Why So Blue?
Blue is the new green when it comes to marketing auto industry technology.
Picasso had his blue period. Now it’s the auto industry’s turn.
Consider how many auto makers are incorporating the word “blue” in their technology marketing.
Volkswagen has BlueMotion in Europe. Introduced at the 2006 Geneva auto show, BlueMotion is VW’s environmental seal of approval. Vehicles earn it if they can deliver extraordinary fuel economy. Similar to Jeep’s Trail-Rated badge, only greener.
(At the time, VW said BlueMotion was inspired by its long-standing use of the color blue in its logo, smugly suggesting that it owns the color. If you cup your ear toward Dearborn, you might still hear Bill Ford laughing.)
Seemingly out the blue, Hyundai unveiled its i-blue concept vehicle last month at the Frankfurt auto show. A cross/utility vehicle, it is powered by an environmentally friendly hydrogen fuel cell.
The Korea-based auto maker promises a production version no later than 2015. Nothing against Hyundai, but with the pace of fuel-cell development so far, that sounds like blue-sky optimism.
However, the blueprints for this industry trend belong to Mercedes-Benz. At the 2005 Frankfurt show, the tri-star brand introduced the Bluetec Hybrid – an S-Class sedan powered by a 3.0L V-6 diesel engine with an electric motor for launch assist.
Now in production, and named one of Ward’s 10 Best Engines in 2007, the diesel meets advanced U.S. emissions standards by virtue of an innovative 4-valve-per-cylinder design with centrally located piezo-electric injectors, third-generation CDI direction injection, exhaust gas recirculation and a turbocharger with variable nozzle turbine.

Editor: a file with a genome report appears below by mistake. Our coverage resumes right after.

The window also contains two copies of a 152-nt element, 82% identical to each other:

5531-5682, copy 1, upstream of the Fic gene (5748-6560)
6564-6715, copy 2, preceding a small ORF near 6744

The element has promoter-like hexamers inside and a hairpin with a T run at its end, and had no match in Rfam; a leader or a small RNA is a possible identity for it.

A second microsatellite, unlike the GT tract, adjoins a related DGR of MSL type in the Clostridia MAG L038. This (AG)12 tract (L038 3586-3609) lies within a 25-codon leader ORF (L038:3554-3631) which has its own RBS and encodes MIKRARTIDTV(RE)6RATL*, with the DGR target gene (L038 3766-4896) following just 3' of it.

But the sub-plots surrounding Bluetec are enough to make you blue in the face.
Mercedes launched a campaign to make Bluetec the new buzzword for “clean diesel.” Audi and VW signed on, likely because of the close relationship between Mercedes overseer Dieter Zetsche and Wolfgang Bernhard, then VW’s blue-eyed boy.
But after Bernhard exited VW, the deal went, well, ka-blooey.
Meanwhile, Chrysler – Mercedes’ sister division under the old DaimlerChrysler regime – embraced Bluetec as a brand name to denote diesel programs such as the redesigned 6.7L Cummins I-6 that powers '07 Dodge Ram 2500 and 3500 pickups. Problem? Marketers with Chrysler and Cummins are finding Bluetec’s blue-blood roots suggest to consumers – and even well-informed auto journalists – there is hardware sharing with Mercedes. There is not.
Chrysler and Cummins teamed up to enable the I-6’s compliance with U.S. emissions guidelines through 2010.
Had enough? Don’t forget AdBlue – a urea-based aftertreatment system that will clean diesel exhaust on future Mercedes vehicles to make them saleable in all 50 U.S. states.
Why are we so blue? Because blue is the new green, says noted New York-based color consultant Margaret Walch.
“Green is the older environmental reference,” says Walch, director of The Color Association. “Basically, we have shifted to the purity and goodness of water and air, or sky. The psychology of ‘blue’ is that it has strong environmental connections – one with the sky, and the other with water.”
For the auto industry, that leaves a question posed best by blues legend B.B. King: How blue can you get?